In ancient Chinese philosophy, the Yin and the Yang denote a duality in life; how seemingly opposite forces can actually be connected and interdependent. In physics, this can be expressed as Newton’s Third Law that states the for every action there is an equal an opposite reaction.
Back when I was in high school physics class, my teacher gave us a word problem describing a boat with a single sail, and at the stern of the boat, sat a wind machine that could generate enough force to fill the sail and move the boat.
Mr. Calvelli, my physics teacher, went on to elaborate on the weight of the boat and the friction of the hull against the water. Then he asked a simple question: How much force must be generated by the wind generator to move the boat?
It was obviously a trick question because of Newton’s Third Law. No matter how hard the wind generator worked, or how efficient the sail was (it was assumed it was 100% efficient), the boat would stay in place because the force of the wind blown forward would be negated by the force that would propel the boat backward.
Sorry, I was reminiscing and took a detour… So what does this have to do with baking bread?
I’m actually going to turn to other anecdotal experience for this. I spent the better part of the first half of my life studying martial arts. I then moved onto – believe it or not – ballet, which I did for about 10 years. In studying both disciplines, there was a yin-yang nature that always fascinated me. On the one hand, I had to be absolutely focused on what I was doing at the time (yin). But on the other, I had to be completely aware of everything outside of me (yang).
When I started getting into making artisan bread, I realized that to master the craft, I had to apply that focus-awareness type of approach to my baking. Take mixing ingredients for example. On the outside, it’s a simple, pedestrian step. But it’s not enough to just go through the motions of getting the ingredients together. You have to be aware of how the mixing will affect the dough further into the process.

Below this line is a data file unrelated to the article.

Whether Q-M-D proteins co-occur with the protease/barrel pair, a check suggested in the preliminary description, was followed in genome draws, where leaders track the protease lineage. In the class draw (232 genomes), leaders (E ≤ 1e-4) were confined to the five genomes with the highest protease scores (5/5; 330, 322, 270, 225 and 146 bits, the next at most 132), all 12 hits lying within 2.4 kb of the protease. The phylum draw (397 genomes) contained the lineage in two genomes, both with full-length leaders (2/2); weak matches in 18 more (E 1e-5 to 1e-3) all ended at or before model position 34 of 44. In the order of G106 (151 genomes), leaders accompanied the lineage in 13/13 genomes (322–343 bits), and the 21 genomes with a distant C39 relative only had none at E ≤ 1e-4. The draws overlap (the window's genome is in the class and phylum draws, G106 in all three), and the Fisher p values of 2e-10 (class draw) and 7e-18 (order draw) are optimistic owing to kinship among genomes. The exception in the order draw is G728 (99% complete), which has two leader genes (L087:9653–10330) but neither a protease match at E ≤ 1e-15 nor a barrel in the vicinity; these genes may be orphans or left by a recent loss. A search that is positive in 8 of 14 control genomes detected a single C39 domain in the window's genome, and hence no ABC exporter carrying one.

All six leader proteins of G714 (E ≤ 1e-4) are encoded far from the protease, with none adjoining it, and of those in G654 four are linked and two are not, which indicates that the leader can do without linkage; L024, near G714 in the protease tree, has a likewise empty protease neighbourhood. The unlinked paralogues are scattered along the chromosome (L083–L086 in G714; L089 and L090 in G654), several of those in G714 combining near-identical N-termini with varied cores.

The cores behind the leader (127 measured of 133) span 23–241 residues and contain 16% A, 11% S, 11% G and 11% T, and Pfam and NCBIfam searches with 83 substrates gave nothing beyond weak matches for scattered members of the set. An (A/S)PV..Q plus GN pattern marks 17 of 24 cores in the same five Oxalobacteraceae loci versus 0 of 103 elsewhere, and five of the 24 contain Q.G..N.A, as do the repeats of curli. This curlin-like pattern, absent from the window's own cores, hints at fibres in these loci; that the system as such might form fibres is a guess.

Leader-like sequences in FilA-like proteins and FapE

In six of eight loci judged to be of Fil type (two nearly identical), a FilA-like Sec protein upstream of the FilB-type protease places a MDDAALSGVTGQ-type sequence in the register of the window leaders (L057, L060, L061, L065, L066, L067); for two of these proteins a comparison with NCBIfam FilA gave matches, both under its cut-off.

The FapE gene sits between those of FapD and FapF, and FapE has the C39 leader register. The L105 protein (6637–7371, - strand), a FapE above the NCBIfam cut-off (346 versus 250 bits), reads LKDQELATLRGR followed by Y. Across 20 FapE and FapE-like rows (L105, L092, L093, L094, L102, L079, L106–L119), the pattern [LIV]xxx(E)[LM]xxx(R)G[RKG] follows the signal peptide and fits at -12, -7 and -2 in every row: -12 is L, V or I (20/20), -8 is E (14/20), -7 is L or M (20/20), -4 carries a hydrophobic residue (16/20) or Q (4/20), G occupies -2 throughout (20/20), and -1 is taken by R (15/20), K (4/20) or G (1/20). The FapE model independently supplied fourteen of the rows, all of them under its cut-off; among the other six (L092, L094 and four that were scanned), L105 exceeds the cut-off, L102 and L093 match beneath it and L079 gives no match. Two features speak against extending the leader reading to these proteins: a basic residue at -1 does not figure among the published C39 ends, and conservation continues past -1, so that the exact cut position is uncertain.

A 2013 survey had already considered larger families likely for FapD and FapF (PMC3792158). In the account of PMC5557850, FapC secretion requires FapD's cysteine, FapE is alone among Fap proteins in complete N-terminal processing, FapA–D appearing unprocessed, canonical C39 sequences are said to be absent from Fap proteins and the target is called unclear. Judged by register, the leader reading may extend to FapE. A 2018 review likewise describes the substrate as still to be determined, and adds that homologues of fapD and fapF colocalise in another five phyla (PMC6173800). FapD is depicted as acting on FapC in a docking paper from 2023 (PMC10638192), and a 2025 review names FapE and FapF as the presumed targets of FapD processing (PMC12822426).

For instance, yesterday I mixed ingredients for two different types of bread. The first was a roasted garlic levain bread, the second was a traditional long-fermentation sourdough. I used the exact same flour blend for both bread, and they both had the same hydration at a little over 70%. But I mixed them completely different.
The garlic loaf used both levain and a tiny bit of yeast, so I fully mixed and did initial kneading with my mixer. With the traditional sourdough, which used nothing but natural leaven, I was much more gentle and mixed to a shaggy mass, then did stretch and folds over the course of a few hours. Both mixing actions required absolute focus to get the dough to the right state. But at the same time, I had to be cognizant and aware of what I’d have to do following those actions. So… yin and yang.
Though I used mixing as an example, it applies to every step of the process. Of course, this could be extended to other things out of bread-making, but I’ll stick with bread-making…
I can’t stress the criticality of this yin-yang in bread-making. With respect to focus, it’s not about concentrating on something to the exclusion of everything else – that would defeat awareness of other things. But at the same time, it’s not letting yourself get distracted. On the other side of things, we need to be simultaneously aware of our surroundings and our dough and respond to the infinite variables.
So what’s the point of all this?
Simply that for those of us who’ve immersed ourselves in the craft, it’s not about just crafting a single loaf, but the same kind of loaf consistently. As Bruce Lee put it…
I fear not the man who has practiced ten-thousand kicks once, but I fear the man who has practiced one kick ten-thousand times.~Bruce Lee
To put a finer point on it, in “Bread,” Jeffery Hamelman wrote:
…if we acquire the skill to make a dozen or a hundred or a a thousand loaves, the next level of proficiency is to be able to make them consistently. And that for both the professional and the home baker, is probably the greatest challenge: to be able, day after day, to adjust to the specific needs of the day’s doughs, to factor in and accomodate the slight changes in ambient temperature and humidity, as well as the degrees of ripeness of the poolish or biga or soudough and the tolerance of the dough during fermentation…~Jeffery Hamelman
It’s fine to say this, but the backdrop is this idea of the yin-yang of making bread.
BTW… I’ve been writing this entry while baking and I just pulled the garlic loaves out of the oven! The traditional sourdough loaves have at least another day in my retarder.
I’ll provide a recipe later on, but I adapted it from Jeffery Hamelman’s book, “Bread.” His recipe uses bread flour, but I used a high-extraction/AP flour blend.